Nearly a quarter of a century ago, The Recording Academy introduced the Best Hard Rock/Metal Performance category at the 31st Annual GRAMMY Awards in 1988.
In the ensuing 23 years, a variety of hard rock/metal artists have garnered GRAMMY recognition, including Judas Priest, Korn, Living Colour, Metallica, Motörhead, Slayer, and Slipknot, among others.
This year the competition is fiercer than ever. The nominees for Best Hard Rock/Metal Performance include veteran progressive metal band Dream Theater, who received their first-ever nomination for "On The Backs Of Angels." Also landing their first nomination are Canadian pop/punk rockers Sum 41 for "Blood In My Eyes." Mastodon received their second career nod for "Curl Of The Burl," while Megadeth were recognized for "Public Enemy No. 1," a track from their 13th studio album, aptly titled Thirteen. Rounding out the list is "White Limo," from six-time GRAMMY winners Foo Fighters' Wasting Light.
For some, the marriage of hard rock/metal and the GRAMMYs might seem incongruous given that heavy bands have enjoyed being a thorn in the side of the mainstream. But many artists relish the peer recognition of being nominated for a GRAMMY, and the opportunity to strike gold.
"We're ecstatic," says James LaBrie, lead vocalist for Dream Theater. "Personally, I've already got the cleats on the bottom of my dress shoes so I can run up on the stage."
The influential progressive metal band has built a loyal following since their 1989 debut album, recently charting two Top 10 albums, including 2011's A Dramatic Turn Of Events. LaBrie views the nomination as another career stepping stone.
"This is [about] getting a nod, getting the recognition from the industry itself [and] giving us a little bit more of a platform as far as public awareness," says LaBrie.
Hailing from Atlanta, Mastodon were previously nominated in 2006 for Best Metal Performance, but this recent nomination was still a surprise.
"We were shocked when we heard about the nomination because we never imagined it would be in the realm of possibility that this might happen," says Mastodon drummer Brann Dailor. "We never saw our music as commercially viable in any way. We'd never expected The Recording Academy to notice that we'd even existed. The fact that we've been nominated is nice to begin with."
In recent years, thrash metal legends Slayer won consecutive GRAMMY Awards in 2006 and 2007 for Best Metal Performance for "Eye Of The Insane" and "Final Six," respectively. Bassist/vocalist Tom Araya attended the 50th Annual GRAMMY Awards, dressed sharply with family in tow, and accepted the latter award during the GRAMMY Pre-Telecast Ceremony. The band received their fifth career nomination last year.
"To have Slayer's music recognized by an organization as traditional as [The Recording Academy] — five times now — is like that gold star that someone puts up by your name," commented Araya in 2010.
In 1989 Metallica scored the first of three consecutive GRAMMYs with the epic "One" from 1988's …And Justice For All. The quartet has won eight GRAMMYs to date, their most recent coming in 2008 for Best Metal Performance for "My Apocalypse."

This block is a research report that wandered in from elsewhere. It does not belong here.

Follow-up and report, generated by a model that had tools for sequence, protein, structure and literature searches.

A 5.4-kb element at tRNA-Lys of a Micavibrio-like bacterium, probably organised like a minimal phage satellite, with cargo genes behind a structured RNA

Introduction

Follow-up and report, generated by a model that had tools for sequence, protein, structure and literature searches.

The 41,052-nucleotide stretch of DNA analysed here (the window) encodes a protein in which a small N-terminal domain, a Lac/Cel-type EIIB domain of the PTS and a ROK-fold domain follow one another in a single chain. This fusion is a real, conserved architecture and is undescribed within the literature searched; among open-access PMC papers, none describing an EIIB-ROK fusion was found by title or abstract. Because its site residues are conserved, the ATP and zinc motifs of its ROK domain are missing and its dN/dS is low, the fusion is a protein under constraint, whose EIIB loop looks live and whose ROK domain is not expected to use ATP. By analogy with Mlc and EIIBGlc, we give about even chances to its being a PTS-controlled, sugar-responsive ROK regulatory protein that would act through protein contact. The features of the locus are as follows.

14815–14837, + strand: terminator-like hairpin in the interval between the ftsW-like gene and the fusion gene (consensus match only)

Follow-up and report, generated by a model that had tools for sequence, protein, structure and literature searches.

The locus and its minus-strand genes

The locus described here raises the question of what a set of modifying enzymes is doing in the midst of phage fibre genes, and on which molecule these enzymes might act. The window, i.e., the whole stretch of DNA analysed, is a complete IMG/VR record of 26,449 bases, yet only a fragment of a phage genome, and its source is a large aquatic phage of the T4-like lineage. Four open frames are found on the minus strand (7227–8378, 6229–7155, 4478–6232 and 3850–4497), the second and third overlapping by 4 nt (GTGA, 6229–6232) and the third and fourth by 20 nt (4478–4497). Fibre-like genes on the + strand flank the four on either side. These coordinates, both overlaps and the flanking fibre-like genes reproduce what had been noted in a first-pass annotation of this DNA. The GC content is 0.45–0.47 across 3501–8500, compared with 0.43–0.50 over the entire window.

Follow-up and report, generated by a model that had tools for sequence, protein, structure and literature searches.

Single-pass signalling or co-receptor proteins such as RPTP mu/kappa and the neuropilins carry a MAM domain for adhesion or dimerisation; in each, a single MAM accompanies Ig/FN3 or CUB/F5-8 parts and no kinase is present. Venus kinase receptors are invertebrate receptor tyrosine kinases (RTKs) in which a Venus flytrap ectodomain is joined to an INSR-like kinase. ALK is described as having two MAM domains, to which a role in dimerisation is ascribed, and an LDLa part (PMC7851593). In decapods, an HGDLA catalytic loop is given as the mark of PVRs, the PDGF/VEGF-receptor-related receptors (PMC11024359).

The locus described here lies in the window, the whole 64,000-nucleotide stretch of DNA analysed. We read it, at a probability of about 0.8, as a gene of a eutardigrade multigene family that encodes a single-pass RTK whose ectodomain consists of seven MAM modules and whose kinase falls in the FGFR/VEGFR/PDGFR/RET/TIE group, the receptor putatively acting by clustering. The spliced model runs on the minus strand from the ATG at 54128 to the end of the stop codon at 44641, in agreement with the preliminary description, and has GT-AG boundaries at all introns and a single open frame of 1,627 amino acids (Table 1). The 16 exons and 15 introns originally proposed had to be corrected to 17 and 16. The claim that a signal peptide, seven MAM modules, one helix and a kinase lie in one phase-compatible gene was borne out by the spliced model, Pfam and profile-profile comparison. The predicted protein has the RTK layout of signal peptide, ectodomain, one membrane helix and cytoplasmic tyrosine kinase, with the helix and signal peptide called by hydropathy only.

Other metal veterans have picked up their first GRAMMY Awards in the last two years, with Iron Maiden winning in 2010 for Best Metal Performance for "El Dorado," and Judas Priest winning in 2009 for "Dissident Aggressor," a track featured on A Touch Of Evil — Live.
"Fifth time is a charm," said Judas Priest frontman Rob Halford during his acceptance speech, referring to the band's fifth nomination and first win. "Judas Priest have been making heavy metal for over 35 years … all the heavy metal fans, this is for you."
Megadeth, fronted by lead vocalist/guitarist Dave Mustaine, released their debut album, Killing Is My Business…And Business Is Good, in 1985. Five years later, Mustaine and Co. received their first GRAMMY nod for Best Metal Performance for Rust In Peace. Following nods in 2009 and 2010, their current nomination is their third consecutive and 10th overall.
"Kenny G came up to us a little while ago — he's got the same manager that I do — and he said, 'Don't feel bad, I've had  nominations and only won once,'" says Mustaine.
As one of the more influential figures of the genre, Mustaine is grateful to be recognized as an artist.
"I still really appreciate the fact that my peers are voting me as a nominee," he says. "That's an accomplishment in itself. This year would be great to win it."
While being nominated for music's highest honor is certainly a significant career accomplishment, one question remains: Is it really metal to win a GRAMMY?
"I'm not concerned with being 'metal,'" says Dailor. "I'm a musician first and foremost, and if we did win it would be validation for all our hard work that we put into writing and recording music."
"I think when you're doing stuff that is notoriously 'black sheep kid in the family,' to have people pick you shows you're doing something right," says Mustaine.
"I think so," replies LaBrie. "If they're going to label it as such, then I'm taking it."
(Bryan Reesman is a New York-based freelance writer.)
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